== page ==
With expertise in data security and privacy in data mining, Professor Ljiljana Brankovic has had a long-term interest in the growing problem of protecting an individual's personal data, the threat to individual privacy and how that private information is being 'mined' and used for purposes that the individual may not approve of.
A Vice-Chancellor's Award for Teaching Excellence and Contribution to Student Learning in 2014 capped off a productive year for Brankovic from the School of Electrical Engineering and Computer Science. The award recognises the role of an academic from each faculty for their outstanding and diverse contribution to the quality of student learning, and Brankovic was selected as a Highly Commended Recipient among the faculty winners.
Her research in computation theory and mathematics contributes to a number of different fields but the realm of data security and privacy is one that is increasingly affecting Western society and engenders more and more attention.
With a Bachelor of Engineering (Electrical) from her native Yugoslavia and a PhD from the University of Newcastle, Professor Brankovic has cemented her position in the Faculty with significant research grants and numerous conference invitations, book chapters and journal articles. In addition to her primary research interests in graph theory, graph algorithms and data security, she has also contributed to research being undertaken by the Faculty's Centre for Interdisciplinary Built Environment Research which focuses on the Building Information Modelling environment that facilitates collaboration and information sharing but also introduces new threats to the security of the data it harbours.
A 2012 study into measuring attitudes towards privacy, medical research and consent by Professor Brankovic and her PhD student and colleagues found that while individuals greatly supported medical research, they also had concerns about the privacy of health information, and believed they should be asked for permission before their health information is used for any purpose other than medical treatment. However, the study also revealed that many people are not aware that simply removing their names and other direct identifiers from medical records does not guarantee their health information is protected.
As our awareness of privacy issues increases, so does the use of knowledge discovery and data mining (KDDM) techniques that are concerned primarily with discovering and analysing patterns in data. An interdisciplinary technique, KDDM analysis is underpinned by statistics, machine intelligence, pattern recognition, databases, optimisation, information visualisation and high-performance computing. It is a bit of a 'chicken and egg' situation: as computerisation and networking expand, so does the collection of massive amounts of data; as data grows in scope and size, there is a greater demand for KDDM technologies to suit these 'big data'.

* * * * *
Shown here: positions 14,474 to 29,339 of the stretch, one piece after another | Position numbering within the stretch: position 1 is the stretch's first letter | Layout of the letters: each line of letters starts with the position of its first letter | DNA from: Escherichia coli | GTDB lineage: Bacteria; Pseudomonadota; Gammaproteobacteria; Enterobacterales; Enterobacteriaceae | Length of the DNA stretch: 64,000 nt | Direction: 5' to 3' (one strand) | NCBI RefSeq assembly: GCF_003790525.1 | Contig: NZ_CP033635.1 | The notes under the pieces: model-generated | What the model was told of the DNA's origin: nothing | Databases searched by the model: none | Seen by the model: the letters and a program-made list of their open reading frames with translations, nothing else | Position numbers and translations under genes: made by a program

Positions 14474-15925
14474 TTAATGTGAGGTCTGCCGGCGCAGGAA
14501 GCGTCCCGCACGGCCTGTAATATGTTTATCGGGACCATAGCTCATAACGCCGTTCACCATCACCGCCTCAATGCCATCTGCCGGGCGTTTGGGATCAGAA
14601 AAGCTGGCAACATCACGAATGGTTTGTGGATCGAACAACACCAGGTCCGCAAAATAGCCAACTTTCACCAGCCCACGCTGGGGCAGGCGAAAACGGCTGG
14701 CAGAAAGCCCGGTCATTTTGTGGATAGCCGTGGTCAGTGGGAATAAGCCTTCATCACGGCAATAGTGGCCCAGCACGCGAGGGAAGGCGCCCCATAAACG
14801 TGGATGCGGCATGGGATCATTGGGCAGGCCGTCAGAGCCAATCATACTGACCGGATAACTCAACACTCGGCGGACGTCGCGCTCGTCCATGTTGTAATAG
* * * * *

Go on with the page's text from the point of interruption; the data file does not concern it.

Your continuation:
Professor Brankovic, together with her colleague Professor Vladimir Estivill-Castro, was one of the pioneers of privacy preserving data mining in Australia who warned that during the process of data mining from data collection to knowledge discovery, data are exposed to several parties leading to a potential breach of individual privacy. Over the years, together with a team of her PhD students, she has, on one hand, developed various 'noise' addition techniques that protect privacy in data mining while preserving the patterns found in data. On the other hand, she has designed a suite of techniques that carefully restrict access to data to protect privacy while maximising the usability of data. These techniques are based on solid mathematical foundations and have performance guarantees.
In the area of algorithms, Professor Brankovic is collaborating with her German colleague Professor Henning Fernau to develop parameterised approximation algorithms for computationally hard problems, with the addition of privacy. This research is funded by the German Research Foundation and over the next two years Professor Brankovic will spend some months at the University of Trier as a Mercator Fellow.